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Re: Strong Typing, Dynamic Languages, What to do?

Noel Welsh:

> A [static] type system is a state of mind.  A way of
> viewing the world.  Specifically a way of saying
> statically what is and isn't a valid program.

> So we can take a dynamically type system and by
> limiting the language we use we can turn it into a
> statically typed system.  Any statically typed system.
> Now lets go the other way.  Hmmm... Can't be done.  If
> the type system you use fits your program then you're
> home.  So writing compilers in ML and simulations in
> Java probably doesn't suck.  It's when you go the
> other way that you feel the pain.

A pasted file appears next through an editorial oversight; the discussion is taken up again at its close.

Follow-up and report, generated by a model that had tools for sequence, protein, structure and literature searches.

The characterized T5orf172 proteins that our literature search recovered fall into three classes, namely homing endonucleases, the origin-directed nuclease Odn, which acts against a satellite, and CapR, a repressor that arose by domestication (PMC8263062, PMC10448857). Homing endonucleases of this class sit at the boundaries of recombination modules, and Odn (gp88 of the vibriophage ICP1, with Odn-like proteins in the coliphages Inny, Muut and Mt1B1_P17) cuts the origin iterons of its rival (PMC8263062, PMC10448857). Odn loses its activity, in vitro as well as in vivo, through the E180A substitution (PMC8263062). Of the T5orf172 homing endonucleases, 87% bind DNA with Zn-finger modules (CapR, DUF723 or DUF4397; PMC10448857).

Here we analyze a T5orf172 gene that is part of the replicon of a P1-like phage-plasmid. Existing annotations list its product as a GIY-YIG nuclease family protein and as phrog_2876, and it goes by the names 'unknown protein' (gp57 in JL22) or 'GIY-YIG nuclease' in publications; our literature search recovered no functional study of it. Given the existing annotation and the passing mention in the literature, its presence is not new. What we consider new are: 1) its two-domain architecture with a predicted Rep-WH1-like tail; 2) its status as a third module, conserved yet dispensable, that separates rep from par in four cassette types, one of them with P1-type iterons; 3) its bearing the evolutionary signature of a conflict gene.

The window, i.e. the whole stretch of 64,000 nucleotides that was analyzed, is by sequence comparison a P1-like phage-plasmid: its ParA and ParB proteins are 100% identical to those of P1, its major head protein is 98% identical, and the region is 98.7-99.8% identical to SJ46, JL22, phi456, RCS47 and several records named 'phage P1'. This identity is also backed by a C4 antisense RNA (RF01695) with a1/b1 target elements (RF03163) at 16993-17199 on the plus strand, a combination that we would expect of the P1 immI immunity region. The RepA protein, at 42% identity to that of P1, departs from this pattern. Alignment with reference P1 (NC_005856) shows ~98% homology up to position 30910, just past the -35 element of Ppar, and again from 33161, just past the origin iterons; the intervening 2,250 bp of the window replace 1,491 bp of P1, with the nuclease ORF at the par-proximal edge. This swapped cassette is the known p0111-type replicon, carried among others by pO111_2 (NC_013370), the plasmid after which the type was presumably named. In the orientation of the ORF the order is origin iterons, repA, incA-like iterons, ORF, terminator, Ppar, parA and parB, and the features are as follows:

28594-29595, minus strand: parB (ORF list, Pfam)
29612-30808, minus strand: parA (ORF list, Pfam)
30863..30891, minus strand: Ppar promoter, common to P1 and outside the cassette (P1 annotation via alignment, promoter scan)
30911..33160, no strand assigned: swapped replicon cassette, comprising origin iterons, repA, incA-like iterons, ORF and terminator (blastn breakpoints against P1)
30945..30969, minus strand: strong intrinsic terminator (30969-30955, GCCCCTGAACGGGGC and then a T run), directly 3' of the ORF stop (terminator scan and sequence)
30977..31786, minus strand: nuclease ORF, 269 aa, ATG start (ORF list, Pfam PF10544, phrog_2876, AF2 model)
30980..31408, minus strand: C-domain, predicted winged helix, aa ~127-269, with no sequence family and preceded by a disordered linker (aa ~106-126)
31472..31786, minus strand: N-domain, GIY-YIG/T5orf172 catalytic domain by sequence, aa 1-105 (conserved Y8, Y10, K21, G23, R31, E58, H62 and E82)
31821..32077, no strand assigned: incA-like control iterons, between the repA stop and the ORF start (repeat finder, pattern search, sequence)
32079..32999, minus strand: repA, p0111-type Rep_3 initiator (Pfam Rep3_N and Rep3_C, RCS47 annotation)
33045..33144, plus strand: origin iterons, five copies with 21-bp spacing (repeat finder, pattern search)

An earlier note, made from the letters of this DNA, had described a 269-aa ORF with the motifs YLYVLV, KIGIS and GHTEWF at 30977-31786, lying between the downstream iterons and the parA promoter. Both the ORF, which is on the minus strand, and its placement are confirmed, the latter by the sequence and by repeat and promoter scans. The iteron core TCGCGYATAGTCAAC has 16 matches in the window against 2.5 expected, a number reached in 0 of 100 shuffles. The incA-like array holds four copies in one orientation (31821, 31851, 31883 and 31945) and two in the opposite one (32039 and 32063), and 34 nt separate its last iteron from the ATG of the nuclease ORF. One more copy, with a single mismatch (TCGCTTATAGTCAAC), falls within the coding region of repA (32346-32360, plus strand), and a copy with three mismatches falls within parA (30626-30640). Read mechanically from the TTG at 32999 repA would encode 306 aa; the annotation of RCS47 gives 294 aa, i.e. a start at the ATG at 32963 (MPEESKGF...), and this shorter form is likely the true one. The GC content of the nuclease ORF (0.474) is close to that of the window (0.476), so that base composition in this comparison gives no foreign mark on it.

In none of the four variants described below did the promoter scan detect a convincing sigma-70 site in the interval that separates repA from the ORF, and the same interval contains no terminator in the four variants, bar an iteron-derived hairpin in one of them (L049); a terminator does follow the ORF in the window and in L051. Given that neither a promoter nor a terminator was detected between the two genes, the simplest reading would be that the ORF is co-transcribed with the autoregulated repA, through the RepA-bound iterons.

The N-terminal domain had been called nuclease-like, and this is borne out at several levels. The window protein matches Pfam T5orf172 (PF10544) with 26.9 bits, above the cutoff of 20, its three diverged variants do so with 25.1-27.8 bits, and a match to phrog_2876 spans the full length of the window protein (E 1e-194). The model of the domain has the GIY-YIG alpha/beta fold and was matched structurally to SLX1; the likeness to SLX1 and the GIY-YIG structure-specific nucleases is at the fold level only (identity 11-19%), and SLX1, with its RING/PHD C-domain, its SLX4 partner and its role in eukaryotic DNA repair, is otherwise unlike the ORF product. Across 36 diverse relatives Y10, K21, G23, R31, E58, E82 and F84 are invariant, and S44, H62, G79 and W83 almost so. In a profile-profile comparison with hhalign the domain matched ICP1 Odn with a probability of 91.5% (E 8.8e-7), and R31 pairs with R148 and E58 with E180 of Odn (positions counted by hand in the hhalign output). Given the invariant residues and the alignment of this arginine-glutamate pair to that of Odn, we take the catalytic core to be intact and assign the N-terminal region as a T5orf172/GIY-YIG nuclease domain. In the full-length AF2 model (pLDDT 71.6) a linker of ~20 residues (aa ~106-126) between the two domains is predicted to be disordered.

> So for my money I'd rather use Scheme than ML.  A lot
> of my programs look like ML but there are occasions
> where they don't and its those outliers that make the
> difference.


For people who have some mileage behind, and know more or less that stuff,
you present a perfectly decent ideology, I won't argue about.

For people who *seriously* pose themselves the question which type system
(or lack thereof) use in practical programming, independently of the human
side of the affair, of the ergonomics, of debugging, etc. there is also
a question of brutal efficiency.

Strongly typed systems permit the compiler to optimize the programs much
more thoroughly, to get rid of plenty of runtime checks. To resolve statically
a lot of overloading/polymorphism issues.

This might not be important for you, but it isn't a good idea to hide under
the rug the efficiency issues.

Jerzy Karczmarczuk
Caen, France

PS. Actually, I would love to have a Scheme implementation with internals
(say, "keywords" style #*car#, #*plus_int#, etc.) which omit all the checks, and
brutally explode if used illegally, but VERY fast, and usable in a context
where the type checking has been done by some plugged-in module.